Maintain balance of microorganisms and nutrients. Harvested plant residues serve as
Mulch and preserve moisture in the soil.

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Equipping the herb spiral in the permaculture garden

Permaculture herbal spiral Boxio

Equipping the herb spiral in the permaculture garden is a creative and effective way to grow a variety of herb plants and create optimal growing conditions. The spiral is a central element of permaculture that is not only aesthetically pleasing but also offers practical benefits.

The herb spiral consists of natural stones or other materials stacked on top of each other and forms a spiral structure that winds upwards. This construction method creates different climate zones, which make it possible to plant herbs with different requirements for light, moisture and soil quality.

At the top of the herb spiral, where the sun's rays are most intense, Mediterranean herbs such as thyme, rosemary and sage, which prefer dry and sunny conditions, grow. In the middle areas, where it is a little cooler and more humid, herbs such as parsley, peppermint and chives feel at home.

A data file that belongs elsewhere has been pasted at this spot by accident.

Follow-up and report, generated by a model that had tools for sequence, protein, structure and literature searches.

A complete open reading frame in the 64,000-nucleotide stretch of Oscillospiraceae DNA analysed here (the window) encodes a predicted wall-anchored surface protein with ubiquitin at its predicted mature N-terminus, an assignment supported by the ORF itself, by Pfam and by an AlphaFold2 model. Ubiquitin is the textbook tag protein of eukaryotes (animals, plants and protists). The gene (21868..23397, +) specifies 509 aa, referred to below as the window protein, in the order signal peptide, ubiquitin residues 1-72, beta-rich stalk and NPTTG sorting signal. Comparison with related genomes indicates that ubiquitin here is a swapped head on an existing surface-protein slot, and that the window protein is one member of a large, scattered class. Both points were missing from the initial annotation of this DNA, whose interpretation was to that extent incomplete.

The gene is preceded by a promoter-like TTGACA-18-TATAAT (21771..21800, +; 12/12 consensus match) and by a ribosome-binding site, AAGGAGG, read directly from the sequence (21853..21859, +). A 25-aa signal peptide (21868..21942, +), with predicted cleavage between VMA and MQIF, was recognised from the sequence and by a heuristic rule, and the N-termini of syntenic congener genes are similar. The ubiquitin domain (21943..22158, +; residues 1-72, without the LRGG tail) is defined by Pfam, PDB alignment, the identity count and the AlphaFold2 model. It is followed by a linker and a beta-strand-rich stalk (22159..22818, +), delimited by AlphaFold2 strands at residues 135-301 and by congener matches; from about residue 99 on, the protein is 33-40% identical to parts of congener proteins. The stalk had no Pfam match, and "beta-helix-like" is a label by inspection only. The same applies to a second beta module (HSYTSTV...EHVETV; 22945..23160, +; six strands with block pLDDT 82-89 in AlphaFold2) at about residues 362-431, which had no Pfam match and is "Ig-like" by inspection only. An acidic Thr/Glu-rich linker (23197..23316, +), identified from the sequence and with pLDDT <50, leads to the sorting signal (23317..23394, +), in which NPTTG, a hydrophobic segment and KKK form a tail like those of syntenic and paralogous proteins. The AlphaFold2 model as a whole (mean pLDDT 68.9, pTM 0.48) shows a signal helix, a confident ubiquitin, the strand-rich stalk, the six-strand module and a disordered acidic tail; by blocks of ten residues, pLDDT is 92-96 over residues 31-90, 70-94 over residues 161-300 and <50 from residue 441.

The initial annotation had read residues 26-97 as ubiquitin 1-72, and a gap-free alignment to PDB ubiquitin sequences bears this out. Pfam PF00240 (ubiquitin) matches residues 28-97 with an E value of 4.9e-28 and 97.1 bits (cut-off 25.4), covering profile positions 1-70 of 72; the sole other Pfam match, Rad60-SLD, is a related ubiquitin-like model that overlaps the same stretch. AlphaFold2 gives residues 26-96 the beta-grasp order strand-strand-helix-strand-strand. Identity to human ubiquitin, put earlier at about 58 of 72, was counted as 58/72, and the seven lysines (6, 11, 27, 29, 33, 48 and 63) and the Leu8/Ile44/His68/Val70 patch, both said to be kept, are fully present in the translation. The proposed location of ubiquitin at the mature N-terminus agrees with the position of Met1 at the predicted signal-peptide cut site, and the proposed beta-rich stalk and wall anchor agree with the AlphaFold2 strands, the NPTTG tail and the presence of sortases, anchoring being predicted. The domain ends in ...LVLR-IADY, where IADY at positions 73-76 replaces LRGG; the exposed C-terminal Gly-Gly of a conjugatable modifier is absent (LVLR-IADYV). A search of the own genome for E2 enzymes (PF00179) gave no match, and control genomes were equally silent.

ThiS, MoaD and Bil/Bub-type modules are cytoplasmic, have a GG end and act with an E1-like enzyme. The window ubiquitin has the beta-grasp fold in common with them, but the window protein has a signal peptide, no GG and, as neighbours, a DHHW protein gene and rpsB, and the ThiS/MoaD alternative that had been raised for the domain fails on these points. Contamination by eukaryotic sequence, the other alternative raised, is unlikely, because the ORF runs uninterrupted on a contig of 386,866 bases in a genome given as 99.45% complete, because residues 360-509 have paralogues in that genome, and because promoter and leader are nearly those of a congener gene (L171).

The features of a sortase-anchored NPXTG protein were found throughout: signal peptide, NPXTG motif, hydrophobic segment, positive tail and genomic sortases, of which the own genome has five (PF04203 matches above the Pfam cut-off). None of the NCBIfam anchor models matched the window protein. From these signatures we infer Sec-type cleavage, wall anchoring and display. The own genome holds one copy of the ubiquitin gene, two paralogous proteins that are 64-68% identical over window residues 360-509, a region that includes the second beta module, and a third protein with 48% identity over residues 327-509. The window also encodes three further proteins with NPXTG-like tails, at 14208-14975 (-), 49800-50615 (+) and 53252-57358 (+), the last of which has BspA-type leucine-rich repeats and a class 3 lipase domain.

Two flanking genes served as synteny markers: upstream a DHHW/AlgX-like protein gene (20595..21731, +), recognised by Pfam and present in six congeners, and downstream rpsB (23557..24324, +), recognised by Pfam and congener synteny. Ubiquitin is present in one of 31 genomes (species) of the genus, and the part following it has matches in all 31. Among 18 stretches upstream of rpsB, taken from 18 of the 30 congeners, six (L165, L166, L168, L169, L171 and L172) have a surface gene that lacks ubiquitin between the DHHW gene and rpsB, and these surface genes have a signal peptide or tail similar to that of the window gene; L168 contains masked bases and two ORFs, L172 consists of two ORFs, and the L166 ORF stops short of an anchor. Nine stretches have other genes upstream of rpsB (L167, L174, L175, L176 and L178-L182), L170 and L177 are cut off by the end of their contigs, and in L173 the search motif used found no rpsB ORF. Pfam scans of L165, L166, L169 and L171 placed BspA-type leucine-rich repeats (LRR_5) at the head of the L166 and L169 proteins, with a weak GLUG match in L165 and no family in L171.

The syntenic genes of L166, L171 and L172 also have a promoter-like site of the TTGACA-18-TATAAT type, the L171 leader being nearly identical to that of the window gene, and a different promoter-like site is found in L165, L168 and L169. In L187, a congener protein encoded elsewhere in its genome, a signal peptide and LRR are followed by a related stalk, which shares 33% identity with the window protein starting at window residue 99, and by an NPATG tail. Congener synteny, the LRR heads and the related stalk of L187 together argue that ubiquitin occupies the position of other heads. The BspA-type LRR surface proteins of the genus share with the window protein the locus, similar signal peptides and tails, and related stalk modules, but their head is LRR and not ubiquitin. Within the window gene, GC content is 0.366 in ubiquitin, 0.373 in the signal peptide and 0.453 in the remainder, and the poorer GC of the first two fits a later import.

At the base of the spiral, where the pond is located and the humidity is highest, can
Moisture-loving herbs such as watercress and mint can be planted.

The pond at the foot of the herb spiral helps create a balanced ecosystem by providing habitat for various aquatic plants, amphibians and insects.

It also serves as a water source for the surrounding herbs and provides natural irrigation.


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Integration of permaculture culture systems in the greenhouse

Permaculture winter garden construction Boxio The

Greenhouse plays a versatile role in permaculture garden culture that goes far beyond